The security subelement here ensures that SOAP message security is enabled on all operations of the web service. In addition, it secures (encrypts and signs) the entire SOAP message body. If you want to secure only a subset of operations, or only parts of the message body, you must manually edit the web-services.xml descriptor file. Creating the certificates

The server needs two key pairs. One is used for digitally signing a SOAP message, and another for encrypting the message. WebLogic's current SSL implementation for web services requires that the key length of certificates used for encrypting and signing be at least 1024. In this case, we will use the keytool to create the two keys referenced in Example 19-16. Refer to Chapter 16 to see how you can configure WebLogic to use this store as its identity store. We simply will add the two certificates to a keystore called myIdentityStore.jks developed in that chapter. The following commands create and store the key pairs:

keytool -genkey -keysize 1024 -keyalg RSA -dname "cn=system, ou=OR, o=UH, c=US" 
 -alias encryptKeyAlias -keypass mypassword -keystore myidentitystore.jks 
 -storepass mykeystorepass
keytool -selfcert -keystore myidentitystore.jks -alias encryptKeyAlias 
 -storepass mykeystorepass -keypass mypassword
keytool -genkey -keysize 1024 -keyalg RSA -dname "cn=system, ou=OR, o=UH, c=US" 
 -alias signKeyAlias -keypass mypassword -keystore myidentitystore.jks 
 -storepass mykeystorepass
keytool -selfcert -keystore myidentitystore.jks -alias signKeyAlias
 -storepass mykeystorepass -keypass mypassword

Notice how we have set the CN field to system. Later in this chapter, we shall configure the username mapper in the default Identity Assertion Provider to extract the WebLogic username from this field. A production environment would use something more robust.

Any client application that needs to interact with the web service must possess its own key pair too. Simply create a new keystore using similar commands the client then can extract the key pair from the keystore. Setting up the Identity Assertion Provider

SOAP messages that are signed by the client will also have the client's public certificate embedded in the message. WebLogic uses the certificate to verify both the signature and the client's identity so as to prevent anonymous clients from invoking the operations of the web service. WebLogic does this by invoking the Identity Assertion Provider configured for the security realm. For our example, we simply will use WebLogic's Default Identity Asserter. (Chapter 18 explains how you configure this provider). The client-supplied token in this case is an X.509 certificate, so you must add this to the list of supported token types for the provider. Select the Default Identity Asserter from the left pane of the Administration Console, and in the Types option, move the X.509 to the Chosen column. This enables WebLogic to consider X.509 certificates as a form of identity assertion.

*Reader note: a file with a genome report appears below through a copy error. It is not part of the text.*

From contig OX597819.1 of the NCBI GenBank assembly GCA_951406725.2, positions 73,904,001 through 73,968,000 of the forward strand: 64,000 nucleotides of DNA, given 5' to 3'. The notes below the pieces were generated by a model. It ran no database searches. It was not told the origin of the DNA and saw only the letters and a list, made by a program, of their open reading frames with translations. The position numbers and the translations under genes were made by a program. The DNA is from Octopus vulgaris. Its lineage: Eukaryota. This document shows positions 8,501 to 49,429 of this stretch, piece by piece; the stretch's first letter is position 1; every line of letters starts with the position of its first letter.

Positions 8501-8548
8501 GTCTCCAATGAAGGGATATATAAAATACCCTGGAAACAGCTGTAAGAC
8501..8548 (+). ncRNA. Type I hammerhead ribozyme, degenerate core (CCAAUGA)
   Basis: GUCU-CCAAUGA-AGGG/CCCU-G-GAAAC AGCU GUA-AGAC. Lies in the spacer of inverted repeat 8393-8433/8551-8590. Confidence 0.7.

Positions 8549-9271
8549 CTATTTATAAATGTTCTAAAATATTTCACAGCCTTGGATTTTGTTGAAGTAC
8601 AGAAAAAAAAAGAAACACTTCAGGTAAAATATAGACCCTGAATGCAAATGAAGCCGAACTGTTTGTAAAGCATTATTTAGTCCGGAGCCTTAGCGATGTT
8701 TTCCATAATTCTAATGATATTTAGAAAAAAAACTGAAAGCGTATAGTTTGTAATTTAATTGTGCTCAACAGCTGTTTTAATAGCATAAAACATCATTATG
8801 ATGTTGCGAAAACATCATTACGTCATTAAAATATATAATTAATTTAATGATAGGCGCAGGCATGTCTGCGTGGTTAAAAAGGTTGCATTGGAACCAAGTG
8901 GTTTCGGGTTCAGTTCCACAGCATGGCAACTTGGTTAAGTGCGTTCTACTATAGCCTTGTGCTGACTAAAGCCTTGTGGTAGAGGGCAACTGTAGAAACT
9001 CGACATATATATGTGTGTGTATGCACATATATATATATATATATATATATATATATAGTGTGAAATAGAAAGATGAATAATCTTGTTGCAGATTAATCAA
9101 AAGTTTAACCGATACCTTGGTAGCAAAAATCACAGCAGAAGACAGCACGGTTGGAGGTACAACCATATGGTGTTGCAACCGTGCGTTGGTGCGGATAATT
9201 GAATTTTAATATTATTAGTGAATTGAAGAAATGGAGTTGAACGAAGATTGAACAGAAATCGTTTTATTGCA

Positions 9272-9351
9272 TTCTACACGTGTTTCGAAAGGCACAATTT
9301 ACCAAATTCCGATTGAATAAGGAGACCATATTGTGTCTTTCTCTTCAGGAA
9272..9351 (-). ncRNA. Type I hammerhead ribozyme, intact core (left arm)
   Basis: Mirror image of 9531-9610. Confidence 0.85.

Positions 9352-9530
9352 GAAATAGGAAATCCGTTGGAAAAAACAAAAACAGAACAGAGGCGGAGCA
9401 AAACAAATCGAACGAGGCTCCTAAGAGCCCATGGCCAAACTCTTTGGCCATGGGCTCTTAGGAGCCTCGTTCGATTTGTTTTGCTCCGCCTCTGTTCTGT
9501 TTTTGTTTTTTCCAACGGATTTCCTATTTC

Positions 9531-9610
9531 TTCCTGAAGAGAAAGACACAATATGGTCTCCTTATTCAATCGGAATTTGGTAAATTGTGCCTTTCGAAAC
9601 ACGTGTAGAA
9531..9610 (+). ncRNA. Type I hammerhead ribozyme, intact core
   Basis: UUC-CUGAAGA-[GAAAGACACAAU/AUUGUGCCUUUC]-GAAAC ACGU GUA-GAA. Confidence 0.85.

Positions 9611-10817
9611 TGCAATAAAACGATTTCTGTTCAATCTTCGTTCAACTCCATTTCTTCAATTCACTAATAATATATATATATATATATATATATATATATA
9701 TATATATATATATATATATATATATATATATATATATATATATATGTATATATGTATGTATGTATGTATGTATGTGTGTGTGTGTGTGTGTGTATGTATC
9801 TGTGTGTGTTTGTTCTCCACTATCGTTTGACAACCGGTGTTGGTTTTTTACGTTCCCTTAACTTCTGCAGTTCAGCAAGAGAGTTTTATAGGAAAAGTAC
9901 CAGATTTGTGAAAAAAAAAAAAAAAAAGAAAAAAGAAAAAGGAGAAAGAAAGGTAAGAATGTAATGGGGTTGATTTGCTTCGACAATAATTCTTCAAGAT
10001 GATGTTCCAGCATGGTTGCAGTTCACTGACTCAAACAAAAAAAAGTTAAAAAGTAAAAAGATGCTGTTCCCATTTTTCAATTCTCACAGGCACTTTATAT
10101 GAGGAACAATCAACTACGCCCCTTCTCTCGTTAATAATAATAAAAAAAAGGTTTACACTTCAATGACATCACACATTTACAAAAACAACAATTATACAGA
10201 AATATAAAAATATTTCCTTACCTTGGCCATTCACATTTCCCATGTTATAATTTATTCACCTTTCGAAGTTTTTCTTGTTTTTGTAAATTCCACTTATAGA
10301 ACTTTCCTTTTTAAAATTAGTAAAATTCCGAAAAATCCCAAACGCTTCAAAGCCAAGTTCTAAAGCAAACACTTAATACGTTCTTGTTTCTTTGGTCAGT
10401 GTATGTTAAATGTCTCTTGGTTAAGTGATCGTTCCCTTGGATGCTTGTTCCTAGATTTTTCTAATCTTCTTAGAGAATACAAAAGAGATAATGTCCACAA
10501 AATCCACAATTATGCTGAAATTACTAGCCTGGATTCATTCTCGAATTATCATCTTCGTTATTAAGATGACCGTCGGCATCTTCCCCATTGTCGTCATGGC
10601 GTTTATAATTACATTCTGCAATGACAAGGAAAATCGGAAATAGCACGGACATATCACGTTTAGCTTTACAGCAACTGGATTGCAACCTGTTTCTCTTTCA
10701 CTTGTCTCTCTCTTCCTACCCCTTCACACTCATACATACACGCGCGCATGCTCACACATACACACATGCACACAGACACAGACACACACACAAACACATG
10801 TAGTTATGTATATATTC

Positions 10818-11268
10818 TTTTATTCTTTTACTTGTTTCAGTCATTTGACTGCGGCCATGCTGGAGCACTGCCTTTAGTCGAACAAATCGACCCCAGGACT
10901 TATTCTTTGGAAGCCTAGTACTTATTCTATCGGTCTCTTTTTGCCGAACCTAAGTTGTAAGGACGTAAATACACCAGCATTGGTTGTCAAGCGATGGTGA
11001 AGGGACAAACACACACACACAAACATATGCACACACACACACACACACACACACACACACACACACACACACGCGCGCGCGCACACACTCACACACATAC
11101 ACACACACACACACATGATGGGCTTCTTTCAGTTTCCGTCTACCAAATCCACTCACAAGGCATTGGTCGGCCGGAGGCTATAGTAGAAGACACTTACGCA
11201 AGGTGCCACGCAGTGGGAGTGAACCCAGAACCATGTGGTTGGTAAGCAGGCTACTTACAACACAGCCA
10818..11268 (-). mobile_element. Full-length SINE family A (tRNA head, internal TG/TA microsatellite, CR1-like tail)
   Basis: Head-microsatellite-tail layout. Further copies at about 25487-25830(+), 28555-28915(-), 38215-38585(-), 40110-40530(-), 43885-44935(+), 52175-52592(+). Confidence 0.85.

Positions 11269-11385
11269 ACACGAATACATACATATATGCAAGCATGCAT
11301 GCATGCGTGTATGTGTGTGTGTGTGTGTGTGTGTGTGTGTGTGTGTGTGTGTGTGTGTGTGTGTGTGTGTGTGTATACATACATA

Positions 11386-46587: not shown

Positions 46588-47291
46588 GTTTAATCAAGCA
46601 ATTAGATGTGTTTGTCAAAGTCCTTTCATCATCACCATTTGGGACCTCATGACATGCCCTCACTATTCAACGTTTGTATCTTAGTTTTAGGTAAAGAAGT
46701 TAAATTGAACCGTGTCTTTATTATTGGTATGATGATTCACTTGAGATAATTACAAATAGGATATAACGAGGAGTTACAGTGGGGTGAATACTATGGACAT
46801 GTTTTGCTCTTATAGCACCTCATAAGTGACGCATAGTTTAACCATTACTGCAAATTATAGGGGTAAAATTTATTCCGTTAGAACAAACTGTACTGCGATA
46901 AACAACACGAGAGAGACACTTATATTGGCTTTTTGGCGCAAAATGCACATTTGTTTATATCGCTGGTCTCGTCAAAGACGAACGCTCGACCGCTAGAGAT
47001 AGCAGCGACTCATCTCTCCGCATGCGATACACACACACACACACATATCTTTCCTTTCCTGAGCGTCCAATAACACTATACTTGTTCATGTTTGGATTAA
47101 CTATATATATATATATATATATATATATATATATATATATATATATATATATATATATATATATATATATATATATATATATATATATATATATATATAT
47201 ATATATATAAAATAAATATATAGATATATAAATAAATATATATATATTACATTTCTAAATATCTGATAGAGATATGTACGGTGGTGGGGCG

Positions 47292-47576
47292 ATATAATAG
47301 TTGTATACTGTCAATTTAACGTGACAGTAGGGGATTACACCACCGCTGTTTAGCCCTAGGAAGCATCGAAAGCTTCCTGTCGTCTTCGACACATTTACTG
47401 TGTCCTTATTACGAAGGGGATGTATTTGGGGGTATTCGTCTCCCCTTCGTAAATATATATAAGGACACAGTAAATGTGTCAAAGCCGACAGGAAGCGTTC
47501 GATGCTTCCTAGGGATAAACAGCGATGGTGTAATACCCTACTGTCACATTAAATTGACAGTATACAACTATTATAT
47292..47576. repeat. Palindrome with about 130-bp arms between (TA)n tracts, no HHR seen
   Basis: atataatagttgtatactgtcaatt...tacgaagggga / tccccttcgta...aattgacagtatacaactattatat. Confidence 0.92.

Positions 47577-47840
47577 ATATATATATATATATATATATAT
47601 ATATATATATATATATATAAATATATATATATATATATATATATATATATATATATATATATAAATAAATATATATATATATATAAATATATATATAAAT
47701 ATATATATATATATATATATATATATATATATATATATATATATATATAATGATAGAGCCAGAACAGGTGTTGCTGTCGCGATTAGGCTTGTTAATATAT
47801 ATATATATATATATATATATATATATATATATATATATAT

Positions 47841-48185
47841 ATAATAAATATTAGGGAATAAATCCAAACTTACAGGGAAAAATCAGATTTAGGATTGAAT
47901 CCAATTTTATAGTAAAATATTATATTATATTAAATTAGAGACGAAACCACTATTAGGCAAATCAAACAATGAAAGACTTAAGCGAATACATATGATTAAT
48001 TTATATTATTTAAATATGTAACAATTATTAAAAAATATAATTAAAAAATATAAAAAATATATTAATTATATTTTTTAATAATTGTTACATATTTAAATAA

You also need to set up a username mapper that can extract some data from the certificate and map it to a WebLogic user. You can either write your own, similar to that in Example 18-2, or use WebLogic's default username mapper. For the running example, the latter approach will suffice. Select the Details tab of the Default Identity Asserter, and then the Use Default User Name Mapper option. Because the username can be extracted from the certificate's CN field, you should choose CN as the Default User Name Mapper Attribute Type and then blank out the Default User Name Mapper Attribute Delimiter. Finally, ensure that Base64Decoding Required is not selected. Writing the client

A client that uses SOAP message security must be modified to support it. First, you need to include BEA's SOAP message security implementation in the client's classpath. In other words, you must add the WL_HOME/server/lib/wsse.jar library to the client's classpath. This library doesn't contain the web services JAX-RPC classes, so you still must keep the existing webserviceclient.jar in the classpath. Our Java client needs to load its security identity into the context and supply the username and password of a valid WebLogic user because we have forced the client to supply a username token. To do this, you must set the relevant attributes on the WebServiceSession object. Example 19-17 illustrates the code for a Java client that can invoke a web service operation securely.

Example 19-17. Client code to interact with secure SOAP messages

package com.oreilly.wlguide.webservices.secureSOAP.client;

import java.rmi.RemoteException;
import javax.xml.namespace.QName;
import javax.xml.rpc.Call;
import javax.xml.rpc.Service;